Money Has Its Own Punctuation
THIS IS THE furthest thing from being out of the ordinary, which was why I'd never paid attention to it. I was reading a New Yorker article and I looked a little too long at a passage. It was in a piece by David Owen about refrigerators and how making them less wasteful of electricity, through the years, was supposed to reduce energy consumption but has just led people to use refrigeration more and more widely. Because the technology is so efficient, nobody thinks about it.
The text I was looking at was this:
The I.E.A. says that if we successfully implement what it calls an “Efficient Cooling Scenario,” by optimizing the energy efficiency of our cooling machines, we could save almost three trillion dollars by 2050. If we really do that, though, we will have three trillion to spend on something else, and whatever we spend it on will inevitably have climate consequences of its own.
I kept studying the second "three trillion." The stringent style rules of the New Yorker had squeezed the language, as they sometimes will, so tightly that a strange little crack had opened up in the surface. "Three trillion," standing alone, sounded oddly informal or conversational. Writing "three trillion dollars," however, might have sounded gracelessly repetitive following the "three trillion dollars" in the sentence before.
Mentally, I tried revising that second reference to say "$3 trillion," which is how it would have been put in most publications I've worked for. But that would be stylistically inconsistent, and if you were reading it aloud, you would still say it as "three trillion dollars" anyway. Outside the dominion of the New Yorker's copy desk, the conventional thing to do would have been to write "$3 trillion" in both cases.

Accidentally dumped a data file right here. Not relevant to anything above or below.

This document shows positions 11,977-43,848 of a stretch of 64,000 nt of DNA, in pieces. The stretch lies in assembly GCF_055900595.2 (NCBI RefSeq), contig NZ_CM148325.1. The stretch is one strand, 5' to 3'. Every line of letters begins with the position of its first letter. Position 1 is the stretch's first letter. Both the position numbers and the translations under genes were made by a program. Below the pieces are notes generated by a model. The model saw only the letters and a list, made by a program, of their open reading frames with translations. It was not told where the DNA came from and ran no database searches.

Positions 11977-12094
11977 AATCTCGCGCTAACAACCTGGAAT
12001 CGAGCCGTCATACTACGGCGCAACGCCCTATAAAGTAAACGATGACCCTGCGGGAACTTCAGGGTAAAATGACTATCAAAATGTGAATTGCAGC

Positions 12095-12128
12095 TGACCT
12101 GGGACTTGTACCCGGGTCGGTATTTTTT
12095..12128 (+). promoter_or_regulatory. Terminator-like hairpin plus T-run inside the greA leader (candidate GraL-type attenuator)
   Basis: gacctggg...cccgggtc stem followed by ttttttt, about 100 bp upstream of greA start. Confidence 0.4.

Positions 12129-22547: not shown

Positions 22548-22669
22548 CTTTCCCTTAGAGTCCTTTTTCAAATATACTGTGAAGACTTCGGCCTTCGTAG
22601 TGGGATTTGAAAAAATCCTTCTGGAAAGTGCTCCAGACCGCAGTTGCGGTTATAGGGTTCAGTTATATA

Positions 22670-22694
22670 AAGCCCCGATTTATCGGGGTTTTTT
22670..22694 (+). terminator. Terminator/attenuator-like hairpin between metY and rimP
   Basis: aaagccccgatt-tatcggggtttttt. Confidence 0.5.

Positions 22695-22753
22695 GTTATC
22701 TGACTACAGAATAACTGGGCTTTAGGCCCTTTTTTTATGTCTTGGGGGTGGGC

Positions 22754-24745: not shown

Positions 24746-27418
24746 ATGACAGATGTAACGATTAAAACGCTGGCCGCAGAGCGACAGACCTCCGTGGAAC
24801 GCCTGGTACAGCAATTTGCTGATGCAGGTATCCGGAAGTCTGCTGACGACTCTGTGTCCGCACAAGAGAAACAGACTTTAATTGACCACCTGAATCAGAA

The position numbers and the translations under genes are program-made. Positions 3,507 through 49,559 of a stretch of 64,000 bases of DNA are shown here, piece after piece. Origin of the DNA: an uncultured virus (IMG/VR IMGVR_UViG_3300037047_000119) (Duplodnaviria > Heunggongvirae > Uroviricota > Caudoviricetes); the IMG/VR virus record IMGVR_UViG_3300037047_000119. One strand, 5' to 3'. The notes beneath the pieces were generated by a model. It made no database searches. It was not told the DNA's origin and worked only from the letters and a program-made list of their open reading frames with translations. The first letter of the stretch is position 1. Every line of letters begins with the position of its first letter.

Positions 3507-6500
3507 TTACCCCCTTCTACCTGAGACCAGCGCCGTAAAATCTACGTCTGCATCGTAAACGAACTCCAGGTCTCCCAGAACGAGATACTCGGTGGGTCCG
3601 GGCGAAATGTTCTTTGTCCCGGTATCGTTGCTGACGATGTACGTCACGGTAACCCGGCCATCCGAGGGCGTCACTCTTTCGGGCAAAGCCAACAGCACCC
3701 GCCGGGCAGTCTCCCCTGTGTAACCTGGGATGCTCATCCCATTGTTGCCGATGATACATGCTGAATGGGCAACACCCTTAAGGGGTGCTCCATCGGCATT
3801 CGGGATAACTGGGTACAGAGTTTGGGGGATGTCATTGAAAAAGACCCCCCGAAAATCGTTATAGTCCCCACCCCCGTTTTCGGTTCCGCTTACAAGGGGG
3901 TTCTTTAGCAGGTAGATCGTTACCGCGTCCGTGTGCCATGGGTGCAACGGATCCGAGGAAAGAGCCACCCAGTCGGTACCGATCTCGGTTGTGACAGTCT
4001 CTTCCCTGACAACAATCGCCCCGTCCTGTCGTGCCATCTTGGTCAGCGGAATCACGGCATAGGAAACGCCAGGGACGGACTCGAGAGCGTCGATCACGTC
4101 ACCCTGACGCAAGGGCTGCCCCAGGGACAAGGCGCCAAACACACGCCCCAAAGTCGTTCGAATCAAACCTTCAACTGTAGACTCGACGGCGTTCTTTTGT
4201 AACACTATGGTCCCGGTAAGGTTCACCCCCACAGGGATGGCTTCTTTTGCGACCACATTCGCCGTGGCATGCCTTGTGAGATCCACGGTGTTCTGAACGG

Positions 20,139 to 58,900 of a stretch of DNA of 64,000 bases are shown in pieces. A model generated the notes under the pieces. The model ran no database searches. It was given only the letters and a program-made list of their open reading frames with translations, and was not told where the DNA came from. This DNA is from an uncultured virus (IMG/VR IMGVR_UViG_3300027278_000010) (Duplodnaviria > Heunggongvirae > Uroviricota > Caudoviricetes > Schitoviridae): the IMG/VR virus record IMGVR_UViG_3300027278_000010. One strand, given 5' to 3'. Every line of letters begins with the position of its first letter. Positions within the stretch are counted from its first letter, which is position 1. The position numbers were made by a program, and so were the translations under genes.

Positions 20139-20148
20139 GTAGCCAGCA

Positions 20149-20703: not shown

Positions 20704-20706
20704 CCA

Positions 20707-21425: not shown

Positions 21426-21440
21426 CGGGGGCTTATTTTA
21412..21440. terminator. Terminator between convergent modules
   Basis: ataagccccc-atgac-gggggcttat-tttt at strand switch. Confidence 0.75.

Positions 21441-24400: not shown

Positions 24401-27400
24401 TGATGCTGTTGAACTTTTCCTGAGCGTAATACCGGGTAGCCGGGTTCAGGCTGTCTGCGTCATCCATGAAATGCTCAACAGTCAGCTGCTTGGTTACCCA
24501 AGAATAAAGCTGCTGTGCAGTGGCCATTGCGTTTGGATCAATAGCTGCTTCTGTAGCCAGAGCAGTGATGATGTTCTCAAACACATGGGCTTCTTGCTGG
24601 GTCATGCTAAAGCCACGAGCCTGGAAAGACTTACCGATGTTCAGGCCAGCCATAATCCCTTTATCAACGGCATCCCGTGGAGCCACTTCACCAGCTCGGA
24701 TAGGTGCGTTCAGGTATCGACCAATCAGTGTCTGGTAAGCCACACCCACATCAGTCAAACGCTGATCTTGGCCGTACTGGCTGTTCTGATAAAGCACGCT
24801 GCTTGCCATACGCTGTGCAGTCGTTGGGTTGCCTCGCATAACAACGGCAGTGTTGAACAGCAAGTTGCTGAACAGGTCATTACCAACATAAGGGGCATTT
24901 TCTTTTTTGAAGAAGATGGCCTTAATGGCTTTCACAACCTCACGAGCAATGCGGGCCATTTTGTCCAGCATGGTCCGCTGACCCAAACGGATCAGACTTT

Seen through that moment of defamiliarization, though, it's a strange convention. Our "$" is like a word, but not exactly. It's not enough like a word, as any editor can tell you, to prevent people from turning in copy with things like "$1 million dollars" in it. It doesn't go where the word goes, the way an ampersand or a percentage sign does, but before it, where it leaves writers confused.
The ampersand is a curio and an affectation. It's absurd to write by hand, and after decades of touch-typing, I still have to hunt for it on my keyboard. I went for it blindly just now and got gin tonic, followed by gin ( tonic, and then gin * tonic. People do use the percentage sign—the Associated Press even gave them new permission to, not that long ago—but I don't. I tried to relax my mind to see what happened if I touch-typed "100%" and I ended up just typing 100 percent, out of habit.
The fingers definitely know where the dollar sign is, though. It is part of the normal flow: He asked for $1 million. Money has its own punctuation. Out of everything in our world, this is what gets its own symbol.
It's not as if this is a shocking secret about our priorities. An ancient Sumerian, making the first scratches in clay, would presumably wonder what else could be the point of writing, if it's not to do accounting with. Still, the $ is so invisibly fixed in the background that even as banal observations go viral all the time, Google as of this writing can't find "Money has its own punctuation" anywhere on the internet.
But it shapes one's thinking, doesn't it? It gives the dollar a default level of formality or respect in writing. If you want to say "twenty bucks," or that you tipped somebody "a five," you have to consciously decide not to use the standard punctuation.